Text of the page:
This page regroups all the network classes I gave with my broken english at ITAM and also in France for the MTIA/RSIE double degree.
The first class we saw Layer 2 bridging with Spanning Tree and also how to enhance bridging scalability with QinQ and MACinMAC. The resulting architecture is a way to isolate bridges in the core network from external network. We will see the same kind of architecture at layer 3 when we will see MPLS and more precisely the interaction between BGP and MPLS.
Then we will see basic things concerning Internet, especially on the addresses, the big change in 1993 when the network went from a flat addressing plan to a hierarchical one with CIDR. We will also see how private addresses can be used and the different kind of NAT used to move from private addresses to a single public address.
We made an exercise on a book shop addressing plan.
In this second part, we continue to explore CIDR addressing scheme and we start introducing IPv6 addresses. We introduce briefly the different kind of addresses and look how global addresses are built.
In the third part, we discuss the different way to build IPv6 Interface Identifier (IID) and look more deeply to IPv6 Link-Local addresses (how to scope them and their use in routing protocols). We also look at multicast addresses and how IPv6 multicast solicited are built. They will be useful when we will study Neighbor Discovery.
In this fourth part (second day of classes), we look at anycast addresses and then we study the IPv6 packet header format. We see how extensions work and that the order is important. We then discuss on the use of extensions in operational network and conclude that except fragmentation and IPsec extensions the others not frequently deployed in production network.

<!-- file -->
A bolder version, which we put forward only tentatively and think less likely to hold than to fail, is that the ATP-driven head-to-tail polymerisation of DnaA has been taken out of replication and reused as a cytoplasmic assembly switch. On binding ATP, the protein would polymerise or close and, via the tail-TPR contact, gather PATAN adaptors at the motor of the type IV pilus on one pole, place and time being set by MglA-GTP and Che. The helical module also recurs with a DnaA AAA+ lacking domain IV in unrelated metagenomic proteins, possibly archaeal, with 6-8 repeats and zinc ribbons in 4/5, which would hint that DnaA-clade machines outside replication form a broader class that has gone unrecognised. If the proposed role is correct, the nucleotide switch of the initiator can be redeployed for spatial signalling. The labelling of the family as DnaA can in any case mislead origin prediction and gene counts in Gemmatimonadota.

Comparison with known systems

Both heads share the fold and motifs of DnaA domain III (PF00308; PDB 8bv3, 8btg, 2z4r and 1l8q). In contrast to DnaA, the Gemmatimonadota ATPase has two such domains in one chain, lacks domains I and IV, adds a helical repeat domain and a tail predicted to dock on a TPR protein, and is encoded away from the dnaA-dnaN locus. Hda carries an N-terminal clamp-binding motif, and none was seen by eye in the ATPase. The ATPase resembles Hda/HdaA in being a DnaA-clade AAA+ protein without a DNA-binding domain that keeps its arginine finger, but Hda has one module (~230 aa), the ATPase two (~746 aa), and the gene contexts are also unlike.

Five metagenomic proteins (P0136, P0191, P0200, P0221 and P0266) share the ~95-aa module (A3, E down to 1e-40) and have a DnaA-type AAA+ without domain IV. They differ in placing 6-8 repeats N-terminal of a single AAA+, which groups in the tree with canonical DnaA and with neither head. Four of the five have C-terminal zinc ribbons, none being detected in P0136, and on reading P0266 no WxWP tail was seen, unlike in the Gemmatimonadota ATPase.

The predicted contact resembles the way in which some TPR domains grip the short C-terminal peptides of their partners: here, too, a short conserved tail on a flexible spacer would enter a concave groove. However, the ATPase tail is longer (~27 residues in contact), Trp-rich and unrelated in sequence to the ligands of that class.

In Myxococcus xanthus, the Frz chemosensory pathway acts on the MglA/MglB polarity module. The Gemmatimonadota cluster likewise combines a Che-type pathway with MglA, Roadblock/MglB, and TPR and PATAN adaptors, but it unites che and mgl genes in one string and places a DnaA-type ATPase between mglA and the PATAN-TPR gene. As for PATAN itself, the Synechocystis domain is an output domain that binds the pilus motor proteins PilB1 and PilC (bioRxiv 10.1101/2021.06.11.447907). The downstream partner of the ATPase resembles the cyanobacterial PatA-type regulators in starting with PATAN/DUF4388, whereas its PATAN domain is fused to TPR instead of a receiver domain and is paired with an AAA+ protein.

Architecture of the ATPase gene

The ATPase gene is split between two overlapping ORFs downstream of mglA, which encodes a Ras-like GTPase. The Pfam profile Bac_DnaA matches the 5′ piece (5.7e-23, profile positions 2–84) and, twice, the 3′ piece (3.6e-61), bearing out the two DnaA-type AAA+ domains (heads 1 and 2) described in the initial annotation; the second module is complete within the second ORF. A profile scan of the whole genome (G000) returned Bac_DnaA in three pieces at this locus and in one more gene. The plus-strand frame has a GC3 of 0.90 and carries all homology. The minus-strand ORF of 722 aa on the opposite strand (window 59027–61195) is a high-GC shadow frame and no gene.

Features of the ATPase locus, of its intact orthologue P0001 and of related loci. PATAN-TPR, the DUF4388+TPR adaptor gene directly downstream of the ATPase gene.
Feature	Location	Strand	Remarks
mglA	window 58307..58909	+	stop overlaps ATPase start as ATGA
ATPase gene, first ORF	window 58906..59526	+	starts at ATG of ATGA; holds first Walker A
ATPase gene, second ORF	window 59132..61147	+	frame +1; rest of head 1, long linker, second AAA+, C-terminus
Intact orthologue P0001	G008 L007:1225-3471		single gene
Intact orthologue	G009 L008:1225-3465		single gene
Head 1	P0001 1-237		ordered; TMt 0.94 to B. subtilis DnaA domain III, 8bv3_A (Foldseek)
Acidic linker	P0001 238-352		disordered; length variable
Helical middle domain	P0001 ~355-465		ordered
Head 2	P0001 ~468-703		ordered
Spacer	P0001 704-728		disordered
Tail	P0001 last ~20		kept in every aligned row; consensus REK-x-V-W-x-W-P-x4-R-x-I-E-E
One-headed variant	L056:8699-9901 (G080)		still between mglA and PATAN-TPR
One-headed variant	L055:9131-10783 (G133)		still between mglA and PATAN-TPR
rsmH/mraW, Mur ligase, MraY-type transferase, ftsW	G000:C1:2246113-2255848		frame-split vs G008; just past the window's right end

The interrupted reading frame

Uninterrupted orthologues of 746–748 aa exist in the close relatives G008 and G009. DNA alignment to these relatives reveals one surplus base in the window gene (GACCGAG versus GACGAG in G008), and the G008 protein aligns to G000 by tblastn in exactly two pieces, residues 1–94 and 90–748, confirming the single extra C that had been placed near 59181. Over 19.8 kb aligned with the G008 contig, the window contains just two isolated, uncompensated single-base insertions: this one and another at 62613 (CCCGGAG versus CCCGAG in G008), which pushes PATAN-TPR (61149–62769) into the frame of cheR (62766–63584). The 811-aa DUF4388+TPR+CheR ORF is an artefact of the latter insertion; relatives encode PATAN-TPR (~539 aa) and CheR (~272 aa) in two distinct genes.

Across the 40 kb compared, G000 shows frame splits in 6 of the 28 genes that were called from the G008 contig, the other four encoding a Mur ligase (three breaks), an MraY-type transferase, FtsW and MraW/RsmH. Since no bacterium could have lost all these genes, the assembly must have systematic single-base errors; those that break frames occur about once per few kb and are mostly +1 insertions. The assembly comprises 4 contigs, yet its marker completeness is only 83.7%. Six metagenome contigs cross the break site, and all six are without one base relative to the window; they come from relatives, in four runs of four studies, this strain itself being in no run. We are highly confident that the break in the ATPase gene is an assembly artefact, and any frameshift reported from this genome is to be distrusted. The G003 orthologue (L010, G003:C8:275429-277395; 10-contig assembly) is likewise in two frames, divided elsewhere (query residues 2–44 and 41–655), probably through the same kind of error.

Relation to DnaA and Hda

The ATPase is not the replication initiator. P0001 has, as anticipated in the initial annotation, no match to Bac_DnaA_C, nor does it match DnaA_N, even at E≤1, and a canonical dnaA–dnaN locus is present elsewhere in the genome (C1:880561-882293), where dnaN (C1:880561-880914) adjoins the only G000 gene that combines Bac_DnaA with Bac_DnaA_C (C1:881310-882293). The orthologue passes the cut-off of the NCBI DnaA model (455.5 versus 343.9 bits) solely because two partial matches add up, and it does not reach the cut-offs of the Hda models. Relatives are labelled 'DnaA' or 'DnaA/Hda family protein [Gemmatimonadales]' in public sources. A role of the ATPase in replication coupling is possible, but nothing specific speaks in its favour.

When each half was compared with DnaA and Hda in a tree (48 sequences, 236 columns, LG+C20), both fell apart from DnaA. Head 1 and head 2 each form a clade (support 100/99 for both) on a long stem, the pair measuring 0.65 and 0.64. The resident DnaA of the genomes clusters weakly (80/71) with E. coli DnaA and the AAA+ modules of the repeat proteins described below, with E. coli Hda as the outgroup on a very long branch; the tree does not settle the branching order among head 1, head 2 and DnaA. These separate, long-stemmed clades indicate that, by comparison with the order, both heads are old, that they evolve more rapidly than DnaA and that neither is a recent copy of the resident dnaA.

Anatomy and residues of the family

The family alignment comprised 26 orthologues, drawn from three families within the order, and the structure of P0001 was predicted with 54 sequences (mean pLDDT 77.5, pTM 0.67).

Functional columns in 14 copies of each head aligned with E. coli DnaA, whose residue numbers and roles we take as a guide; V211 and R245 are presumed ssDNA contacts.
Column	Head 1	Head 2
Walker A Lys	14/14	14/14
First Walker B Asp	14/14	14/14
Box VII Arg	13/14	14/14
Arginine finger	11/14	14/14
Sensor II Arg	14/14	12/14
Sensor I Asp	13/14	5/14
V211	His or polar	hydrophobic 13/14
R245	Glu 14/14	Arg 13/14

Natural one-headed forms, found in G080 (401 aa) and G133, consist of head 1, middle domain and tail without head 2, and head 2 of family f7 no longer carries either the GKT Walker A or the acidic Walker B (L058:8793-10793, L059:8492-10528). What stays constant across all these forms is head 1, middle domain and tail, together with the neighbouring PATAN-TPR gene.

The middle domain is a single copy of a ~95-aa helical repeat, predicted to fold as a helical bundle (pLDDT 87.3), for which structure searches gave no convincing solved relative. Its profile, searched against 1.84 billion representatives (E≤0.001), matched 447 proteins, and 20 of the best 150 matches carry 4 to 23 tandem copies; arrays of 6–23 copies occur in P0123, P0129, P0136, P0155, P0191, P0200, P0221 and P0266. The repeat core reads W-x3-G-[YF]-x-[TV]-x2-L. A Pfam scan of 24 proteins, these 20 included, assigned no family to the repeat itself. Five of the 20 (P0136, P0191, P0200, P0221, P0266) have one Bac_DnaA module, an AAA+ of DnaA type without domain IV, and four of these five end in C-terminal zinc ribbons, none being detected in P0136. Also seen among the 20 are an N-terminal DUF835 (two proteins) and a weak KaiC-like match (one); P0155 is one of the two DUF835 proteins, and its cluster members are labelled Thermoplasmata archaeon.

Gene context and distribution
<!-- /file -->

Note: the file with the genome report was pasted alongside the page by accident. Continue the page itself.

In the fifth part we see ICMPv6 and different protocol using it, such as Path MTU discovery and in more detail Neighbor Discovery Protocol (NDP). We discuss if DHCPv6 are needed to allocate addresses or if we can use only NDP. We also study how to secure NDP.
We then look at routing protocol in general and why they are useful in network. We will see the different king of routing protocols and study RIP, ans star looking at Link State algorithm.
In the sixth part, we look at OSPF and more precisely we look at division into areas and how reliable flooding is done. We also look at database synchronization between routers.
On the seventh part, we see how we can move progressively from RIP to OSPF on a simple example. This illustrate the fact that it is difficult to use two routing protocols since metrics are different.
We then look at IS-IS routing protocol, we see the similarities and differences with OSPF. It is also a good way to introduce OSI vocabulary.
On the height part, we see MPLS architecture and the interaction with IGP. We see the concept of LSR (Label Switch Router). We will only study how LSP (Label Switching Path) are built with LDP.
We also start to see Autonomous System and how peering is described in whois database. We also see on a simple example the impact of announcing or not a route to another AS. We conclude that routing is naturally asymmetric in the Internet.
In the ninth part, we study more deeply peering between ASes and we start looking at BGP protocol. We see some basic attributes such as AS_PATH, MED and Local pref.
In the tenth part we continue to explore BGP and see Community Attribute and how we can modify routing strategies from a remote transit AS. We also look at all the way NEXT-HOP is used. We also look at some live example of BGP announcement by surfing on Looking Glass, even if during the class this exercise was not so easy and forced me to edit a lot the video.
Finally the last day we saw VPN with BGP and some way for providers to integrate IPv6 without modifying their core network, or vice versa build an IPv6 core network to carry IPv4 traffic from customer. We also see L3 VPN in details.
We end the class with the following exercise http://c2.touta.in/?p=410
In Rennes, we continue classes by looking at the transition between IPv4 and IPv6. In a first classe, we saw basic classification for transition, or at least integration of IPv6 in existing networks. We viewed v6ops classification and basic mechanism such as tunneling and 6PE.
Last part for integration strategies, we talk about 6rd, CGN and 4rd, we also discuss how IPv6 can be introduced in large companies by the use od proxies and ALG.
For the last class on WSN, the sound was not recorded, so I will just put the slides and some interesting videos of the M2M seminar are also available on line at this address: http://videos.rennes.inria.fr/seminaire_Irisa/Journees-ObjetsCommunicants/